And it was about that time that Erewhon began to fade. I still visit it on occasion, of course, but I am more likely now to visit other places that are less thrilling for a younger man and more suited to someone with children, a mortgage and a steady but secure job. And the Ydobon I’ve got to know so well is now no longer a nobody in any sense of the word and no longer to be seen in Erewhon and probably was never meant to even visit. She is more likely to be found in other places that my younger self could never imagine visiting (even in my dreams). These are places that are child-friendly, provide healthy options and may even offer family discounts.
But Erewhon is still there. It is always waiting for me to return should I ever feel the need. And, of course, no one can be sure what the future may bring.
But if I should ever visit Erewhon as often as I once did, the city would be a different place. It would be less magical, less fantastical, more mundane and much more slow-paced. It might be a place for chance encounter as it once used to be. It might be a place for adventure and wonder and exploration. But it would be full of women who (like the ones I meet on my relatively infrequent visits) are older, wiser, less excitable and whose voices are more prominent than their physical features. And Ydobon would now be a very different creature to the Ydobon I once knew. She would be scarred by life’s experiences. She would be wise in her ways and understandably wary of chance and fortune.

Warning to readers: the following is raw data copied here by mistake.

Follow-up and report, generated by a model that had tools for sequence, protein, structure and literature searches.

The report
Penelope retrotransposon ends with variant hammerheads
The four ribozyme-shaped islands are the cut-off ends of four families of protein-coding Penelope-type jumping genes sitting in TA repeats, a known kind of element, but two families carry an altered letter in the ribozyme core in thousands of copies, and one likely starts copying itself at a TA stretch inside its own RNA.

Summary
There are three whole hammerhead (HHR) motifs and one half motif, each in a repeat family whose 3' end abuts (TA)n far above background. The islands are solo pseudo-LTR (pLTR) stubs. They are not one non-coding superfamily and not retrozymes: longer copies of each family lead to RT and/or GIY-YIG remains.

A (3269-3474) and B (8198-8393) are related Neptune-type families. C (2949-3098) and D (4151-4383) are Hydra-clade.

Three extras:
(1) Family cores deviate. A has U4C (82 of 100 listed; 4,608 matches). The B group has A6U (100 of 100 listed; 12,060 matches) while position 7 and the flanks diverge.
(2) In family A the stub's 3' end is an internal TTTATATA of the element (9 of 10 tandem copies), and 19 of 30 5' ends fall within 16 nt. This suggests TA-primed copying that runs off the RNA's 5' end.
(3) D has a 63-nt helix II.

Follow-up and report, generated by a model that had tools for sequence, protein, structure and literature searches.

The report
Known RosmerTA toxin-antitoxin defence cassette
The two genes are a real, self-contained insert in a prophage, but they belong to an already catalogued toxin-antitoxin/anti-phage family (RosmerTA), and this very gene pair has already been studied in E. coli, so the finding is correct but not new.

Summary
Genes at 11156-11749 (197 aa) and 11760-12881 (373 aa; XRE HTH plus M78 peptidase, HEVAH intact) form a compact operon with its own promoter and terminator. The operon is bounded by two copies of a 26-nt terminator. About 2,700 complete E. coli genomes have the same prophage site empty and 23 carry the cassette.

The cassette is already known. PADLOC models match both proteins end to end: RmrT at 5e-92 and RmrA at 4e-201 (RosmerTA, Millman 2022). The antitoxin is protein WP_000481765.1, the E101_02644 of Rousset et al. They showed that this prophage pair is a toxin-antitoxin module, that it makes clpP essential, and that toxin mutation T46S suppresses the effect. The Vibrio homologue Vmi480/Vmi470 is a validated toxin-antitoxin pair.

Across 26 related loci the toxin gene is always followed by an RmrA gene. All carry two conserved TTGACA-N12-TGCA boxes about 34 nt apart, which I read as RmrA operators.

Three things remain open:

But as I roll
over under the sheets and gaze lovingly at my wife as she breathes softly
beside me, I hope that I need never again have to get to know the Erewhon I still
remember so well.